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Automatic Implantable Cardioverter Defibrillator

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Automatic Implantable Cardioverter Defibrillator

Some patients have a heart condition called arrhythmia, which is a change in the natural rhythm of the heart. Arrhythmias are characterized based on how the heart is beating.

  • Too Fast (tachycardia)
  • Too Slow (brachycardia)
  • Irregularly (atrial fibrillation)

Changes in the heart rhythm can cause changes in how the blood is delivered throughout the body. When the heart is not working properly, you can have damage in your brain and other organs. In some cases arrhythmia can actually cause the heart to stop beating.

The most common symptom of arrhythmia is a palpitation or skipped beat that happens in succession to cause a feeling of fluttering in your chest. When arrhythmias occur frequently and last for a long period of time, you may have the following symptoms that need evaluation by a cardiologist:

  • Fatigue or consistent tired feeling
  • Dizziness or feeling faint
  • Rapid or inconsistent fluttering in your chest or neck
  • Inability to catch your breath or chest pain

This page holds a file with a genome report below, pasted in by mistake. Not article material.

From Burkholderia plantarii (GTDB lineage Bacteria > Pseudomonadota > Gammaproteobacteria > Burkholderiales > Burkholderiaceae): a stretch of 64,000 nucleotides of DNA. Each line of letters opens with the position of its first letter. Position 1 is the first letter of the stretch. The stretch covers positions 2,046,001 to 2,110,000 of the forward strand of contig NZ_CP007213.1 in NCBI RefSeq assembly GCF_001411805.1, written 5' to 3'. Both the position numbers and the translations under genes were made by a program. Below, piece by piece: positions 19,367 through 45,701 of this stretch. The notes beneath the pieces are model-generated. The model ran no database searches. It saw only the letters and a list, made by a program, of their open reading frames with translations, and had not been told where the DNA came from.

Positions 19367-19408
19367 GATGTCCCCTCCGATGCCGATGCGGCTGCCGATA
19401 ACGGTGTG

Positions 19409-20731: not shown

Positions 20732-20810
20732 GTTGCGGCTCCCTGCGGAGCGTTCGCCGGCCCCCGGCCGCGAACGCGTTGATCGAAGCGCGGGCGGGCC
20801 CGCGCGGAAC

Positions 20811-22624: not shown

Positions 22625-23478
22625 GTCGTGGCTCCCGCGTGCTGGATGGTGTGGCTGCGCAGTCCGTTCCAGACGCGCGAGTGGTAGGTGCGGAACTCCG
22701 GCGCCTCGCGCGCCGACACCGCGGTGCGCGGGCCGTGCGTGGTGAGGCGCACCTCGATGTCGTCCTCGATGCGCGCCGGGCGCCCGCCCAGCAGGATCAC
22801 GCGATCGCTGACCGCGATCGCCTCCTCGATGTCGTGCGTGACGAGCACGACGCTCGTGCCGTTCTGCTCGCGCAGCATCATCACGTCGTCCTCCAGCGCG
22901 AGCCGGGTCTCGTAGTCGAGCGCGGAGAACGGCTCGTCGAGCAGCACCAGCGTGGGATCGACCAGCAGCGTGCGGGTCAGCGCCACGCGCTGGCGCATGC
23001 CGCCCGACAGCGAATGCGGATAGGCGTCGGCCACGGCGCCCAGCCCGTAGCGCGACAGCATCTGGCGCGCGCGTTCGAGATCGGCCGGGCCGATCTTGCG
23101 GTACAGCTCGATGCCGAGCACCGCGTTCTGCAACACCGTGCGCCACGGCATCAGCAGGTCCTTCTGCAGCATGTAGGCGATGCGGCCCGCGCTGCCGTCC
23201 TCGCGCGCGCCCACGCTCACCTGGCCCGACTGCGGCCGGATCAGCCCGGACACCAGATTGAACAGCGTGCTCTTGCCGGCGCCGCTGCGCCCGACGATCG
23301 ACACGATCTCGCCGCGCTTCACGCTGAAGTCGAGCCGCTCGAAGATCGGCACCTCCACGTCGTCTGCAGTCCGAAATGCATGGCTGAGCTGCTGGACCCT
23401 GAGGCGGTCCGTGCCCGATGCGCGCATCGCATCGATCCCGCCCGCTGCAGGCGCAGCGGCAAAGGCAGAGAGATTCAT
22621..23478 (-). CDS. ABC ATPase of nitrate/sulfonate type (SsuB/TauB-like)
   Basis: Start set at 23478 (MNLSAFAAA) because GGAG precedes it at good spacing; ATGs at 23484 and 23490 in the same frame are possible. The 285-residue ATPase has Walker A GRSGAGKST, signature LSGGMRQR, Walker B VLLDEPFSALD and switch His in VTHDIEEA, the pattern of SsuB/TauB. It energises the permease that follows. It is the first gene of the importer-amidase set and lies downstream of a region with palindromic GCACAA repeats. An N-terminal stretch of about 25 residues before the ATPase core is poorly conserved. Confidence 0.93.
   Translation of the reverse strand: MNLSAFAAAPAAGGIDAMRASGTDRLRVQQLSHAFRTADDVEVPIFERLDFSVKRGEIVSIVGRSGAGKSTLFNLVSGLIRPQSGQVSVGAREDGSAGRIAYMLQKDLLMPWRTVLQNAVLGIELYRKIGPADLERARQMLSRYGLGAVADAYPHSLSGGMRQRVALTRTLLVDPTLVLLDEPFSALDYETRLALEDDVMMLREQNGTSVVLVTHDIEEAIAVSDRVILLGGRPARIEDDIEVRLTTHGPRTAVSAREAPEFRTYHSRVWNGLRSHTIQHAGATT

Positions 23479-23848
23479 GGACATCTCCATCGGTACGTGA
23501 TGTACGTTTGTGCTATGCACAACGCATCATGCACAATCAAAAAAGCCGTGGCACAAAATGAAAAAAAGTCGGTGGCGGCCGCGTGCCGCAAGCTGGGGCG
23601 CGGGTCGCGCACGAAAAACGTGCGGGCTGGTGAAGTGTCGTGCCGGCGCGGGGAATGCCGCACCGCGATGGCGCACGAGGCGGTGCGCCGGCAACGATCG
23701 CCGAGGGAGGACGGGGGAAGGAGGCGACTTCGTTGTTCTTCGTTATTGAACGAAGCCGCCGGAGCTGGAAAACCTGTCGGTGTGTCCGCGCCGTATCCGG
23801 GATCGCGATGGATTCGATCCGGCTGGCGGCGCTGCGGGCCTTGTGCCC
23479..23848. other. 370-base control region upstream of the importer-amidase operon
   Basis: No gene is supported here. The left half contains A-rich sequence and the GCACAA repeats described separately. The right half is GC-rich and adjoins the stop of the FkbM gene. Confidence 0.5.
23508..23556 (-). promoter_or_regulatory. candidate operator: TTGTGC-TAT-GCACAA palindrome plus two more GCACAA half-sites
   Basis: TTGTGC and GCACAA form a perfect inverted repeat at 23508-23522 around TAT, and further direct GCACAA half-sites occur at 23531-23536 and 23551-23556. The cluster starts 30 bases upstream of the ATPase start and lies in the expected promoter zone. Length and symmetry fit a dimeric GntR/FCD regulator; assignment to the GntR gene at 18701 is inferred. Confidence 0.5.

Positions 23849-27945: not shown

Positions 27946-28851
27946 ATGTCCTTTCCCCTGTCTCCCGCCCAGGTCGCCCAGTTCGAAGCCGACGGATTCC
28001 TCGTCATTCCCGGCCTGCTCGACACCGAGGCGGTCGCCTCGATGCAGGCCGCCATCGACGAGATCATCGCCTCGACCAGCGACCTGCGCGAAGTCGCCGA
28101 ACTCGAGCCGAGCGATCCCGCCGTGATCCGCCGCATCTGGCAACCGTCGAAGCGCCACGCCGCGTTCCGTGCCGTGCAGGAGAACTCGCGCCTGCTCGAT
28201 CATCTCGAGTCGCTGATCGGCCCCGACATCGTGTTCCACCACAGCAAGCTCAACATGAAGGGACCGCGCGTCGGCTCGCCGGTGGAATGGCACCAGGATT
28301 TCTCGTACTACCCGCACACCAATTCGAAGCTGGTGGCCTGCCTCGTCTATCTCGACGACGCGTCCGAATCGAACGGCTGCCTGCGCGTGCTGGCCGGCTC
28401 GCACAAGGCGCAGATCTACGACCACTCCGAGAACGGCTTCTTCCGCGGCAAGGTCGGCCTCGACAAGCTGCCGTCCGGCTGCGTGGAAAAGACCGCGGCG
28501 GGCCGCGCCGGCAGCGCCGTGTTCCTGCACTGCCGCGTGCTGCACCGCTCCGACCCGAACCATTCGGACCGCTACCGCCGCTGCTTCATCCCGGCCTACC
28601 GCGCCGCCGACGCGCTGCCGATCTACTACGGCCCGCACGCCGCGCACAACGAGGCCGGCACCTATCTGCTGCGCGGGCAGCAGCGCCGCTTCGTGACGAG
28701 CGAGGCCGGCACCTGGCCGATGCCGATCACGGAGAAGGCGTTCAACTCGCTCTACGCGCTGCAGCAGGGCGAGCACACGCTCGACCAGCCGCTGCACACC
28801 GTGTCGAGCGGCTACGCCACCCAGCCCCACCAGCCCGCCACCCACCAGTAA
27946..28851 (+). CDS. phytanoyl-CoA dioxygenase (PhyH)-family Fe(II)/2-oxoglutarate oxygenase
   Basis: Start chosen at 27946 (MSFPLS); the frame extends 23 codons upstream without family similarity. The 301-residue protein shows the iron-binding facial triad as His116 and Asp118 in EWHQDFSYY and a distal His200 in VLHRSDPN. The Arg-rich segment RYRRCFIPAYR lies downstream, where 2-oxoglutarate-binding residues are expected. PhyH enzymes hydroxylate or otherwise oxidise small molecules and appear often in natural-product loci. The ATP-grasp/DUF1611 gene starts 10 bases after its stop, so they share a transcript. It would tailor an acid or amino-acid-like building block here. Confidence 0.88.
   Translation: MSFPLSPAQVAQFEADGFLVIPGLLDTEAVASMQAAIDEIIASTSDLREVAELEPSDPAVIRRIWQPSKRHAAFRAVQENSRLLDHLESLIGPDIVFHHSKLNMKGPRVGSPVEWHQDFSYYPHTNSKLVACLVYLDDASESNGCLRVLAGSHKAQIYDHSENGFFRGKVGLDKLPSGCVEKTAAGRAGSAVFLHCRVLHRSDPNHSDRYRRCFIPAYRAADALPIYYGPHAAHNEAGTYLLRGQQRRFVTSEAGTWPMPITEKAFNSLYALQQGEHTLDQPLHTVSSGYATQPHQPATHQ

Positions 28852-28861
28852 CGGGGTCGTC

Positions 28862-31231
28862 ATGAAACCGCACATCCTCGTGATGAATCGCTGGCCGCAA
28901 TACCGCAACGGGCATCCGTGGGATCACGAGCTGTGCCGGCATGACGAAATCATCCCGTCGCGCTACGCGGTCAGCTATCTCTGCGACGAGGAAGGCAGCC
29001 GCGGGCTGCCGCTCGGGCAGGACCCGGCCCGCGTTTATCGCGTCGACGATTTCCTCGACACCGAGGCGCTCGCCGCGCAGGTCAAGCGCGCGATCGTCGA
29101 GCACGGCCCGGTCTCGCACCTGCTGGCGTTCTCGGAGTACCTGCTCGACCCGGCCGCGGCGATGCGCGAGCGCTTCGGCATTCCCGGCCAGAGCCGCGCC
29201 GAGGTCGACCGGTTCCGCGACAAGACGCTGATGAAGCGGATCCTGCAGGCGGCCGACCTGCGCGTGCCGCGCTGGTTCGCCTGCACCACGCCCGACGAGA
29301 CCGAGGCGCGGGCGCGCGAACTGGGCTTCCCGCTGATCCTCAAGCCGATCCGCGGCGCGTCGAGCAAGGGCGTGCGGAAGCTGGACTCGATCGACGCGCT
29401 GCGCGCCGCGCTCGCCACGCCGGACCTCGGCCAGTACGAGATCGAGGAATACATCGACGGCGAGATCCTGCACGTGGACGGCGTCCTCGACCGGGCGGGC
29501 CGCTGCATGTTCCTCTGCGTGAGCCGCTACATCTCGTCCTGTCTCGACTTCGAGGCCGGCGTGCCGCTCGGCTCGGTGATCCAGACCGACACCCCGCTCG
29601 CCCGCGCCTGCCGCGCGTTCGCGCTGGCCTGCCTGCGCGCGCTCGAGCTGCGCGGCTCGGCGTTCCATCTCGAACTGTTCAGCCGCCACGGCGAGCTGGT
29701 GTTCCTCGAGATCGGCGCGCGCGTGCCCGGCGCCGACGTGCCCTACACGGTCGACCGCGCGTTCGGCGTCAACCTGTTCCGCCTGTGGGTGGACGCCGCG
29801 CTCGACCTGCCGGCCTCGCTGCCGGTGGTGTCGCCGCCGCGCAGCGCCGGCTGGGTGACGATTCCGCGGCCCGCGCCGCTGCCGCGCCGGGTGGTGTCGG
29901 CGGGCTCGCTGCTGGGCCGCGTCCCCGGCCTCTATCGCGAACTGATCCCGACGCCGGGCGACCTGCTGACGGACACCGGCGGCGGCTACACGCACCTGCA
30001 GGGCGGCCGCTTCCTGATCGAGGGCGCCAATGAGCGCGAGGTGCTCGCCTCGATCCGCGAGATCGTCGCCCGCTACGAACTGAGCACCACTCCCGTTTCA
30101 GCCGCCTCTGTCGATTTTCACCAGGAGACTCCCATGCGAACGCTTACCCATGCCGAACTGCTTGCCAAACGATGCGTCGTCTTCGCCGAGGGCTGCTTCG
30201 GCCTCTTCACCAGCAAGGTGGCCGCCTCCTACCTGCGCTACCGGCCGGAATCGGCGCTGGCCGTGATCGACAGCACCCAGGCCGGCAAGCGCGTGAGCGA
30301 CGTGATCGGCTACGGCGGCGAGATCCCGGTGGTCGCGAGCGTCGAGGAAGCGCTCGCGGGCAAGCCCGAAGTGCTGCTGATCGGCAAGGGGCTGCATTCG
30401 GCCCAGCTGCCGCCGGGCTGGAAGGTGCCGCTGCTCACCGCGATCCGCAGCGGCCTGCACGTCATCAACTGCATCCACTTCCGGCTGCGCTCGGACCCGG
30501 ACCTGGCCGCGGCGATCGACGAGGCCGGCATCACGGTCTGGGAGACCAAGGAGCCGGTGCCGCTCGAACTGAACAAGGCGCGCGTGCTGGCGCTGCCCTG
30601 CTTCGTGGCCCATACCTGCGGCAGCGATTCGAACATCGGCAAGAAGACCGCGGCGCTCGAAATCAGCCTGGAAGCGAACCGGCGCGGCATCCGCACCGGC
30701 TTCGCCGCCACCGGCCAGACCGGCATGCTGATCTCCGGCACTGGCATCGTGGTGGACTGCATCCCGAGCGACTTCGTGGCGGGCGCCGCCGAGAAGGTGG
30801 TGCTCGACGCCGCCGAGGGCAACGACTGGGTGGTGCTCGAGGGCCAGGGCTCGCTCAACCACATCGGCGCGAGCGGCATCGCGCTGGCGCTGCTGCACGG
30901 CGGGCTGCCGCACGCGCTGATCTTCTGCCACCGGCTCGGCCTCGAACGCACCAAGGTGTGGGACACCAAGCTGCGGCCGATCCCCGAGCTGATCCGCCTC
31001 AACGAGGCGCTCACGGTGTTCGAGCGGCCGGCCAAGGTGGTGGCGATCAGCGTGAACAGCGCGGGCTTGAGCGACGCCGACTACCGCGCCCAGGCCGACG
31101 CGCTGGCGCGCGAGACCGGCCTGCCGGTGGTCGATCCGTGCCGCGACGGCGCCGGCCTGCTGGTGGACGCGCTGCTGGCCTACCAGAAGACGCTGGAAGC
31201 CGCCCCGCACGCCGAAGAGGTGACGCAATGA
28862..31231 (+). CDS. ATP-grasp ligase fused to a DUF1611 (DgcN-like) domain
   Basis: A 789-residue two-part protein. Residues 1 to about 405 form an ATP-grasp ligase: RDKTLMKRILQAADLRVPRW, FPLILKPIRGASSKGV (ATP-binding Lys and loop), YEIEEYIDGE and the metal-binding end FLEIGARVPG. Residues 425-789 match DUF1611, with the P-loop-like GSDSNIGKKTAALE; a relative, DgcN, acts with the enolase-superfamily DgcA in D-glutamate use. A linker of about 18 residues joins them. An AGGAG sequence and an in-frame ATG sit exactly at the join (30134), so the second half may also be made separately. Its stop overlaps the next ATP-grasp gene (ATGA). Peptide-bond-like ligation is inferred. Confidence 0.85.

• In life-threatening cases, some patients may faint and go into cardiac arrest. This is a medical emergency. Call 911.

If you are diagnosed with arrhythmia and need a defibrillator to help your heart beat regularly, your cardiologist may recommend one called an automatic implantable cardioverter defibrillator (AICD). This unit, which is implanted in your chest near the heart, is equipped with electrodes that sense your heart beat. It also has a generator that functions as a heart regulator – shocking your heart to restore a natural rhythm and as a pacemaker to help “pace” the beats to keep them from becoming too fast or too slow. This all-in-one unit provides lifesaving monitoring of your heart’s function.

AICD Implantation

Before you have an AICD implanted, you will first undergo an electrophysiology study to determine if it will be the best treatment for your arrhythmia. If you would benefit from an AICD, you will have a minimally invasive procedure at WakeMed.

Under general anesthesia, your cardiologist will make a small incision in your upper chest near the collarbone. A wire will be run through a vein into the heart and a small cavity will be created to place the AICD, which is about the size of a deck of cards. The unit, which is connected to the wire, will be tested to ensure that you are receiving the appropriate shock to regulate your heart beat. This testing of the unit is done under sedation so you will not be uncomfortable.

The entire procedure takes one to two hours, and most patients remain in the hospital for up to four days for observation.

Learn What to Expect from AICD Insertion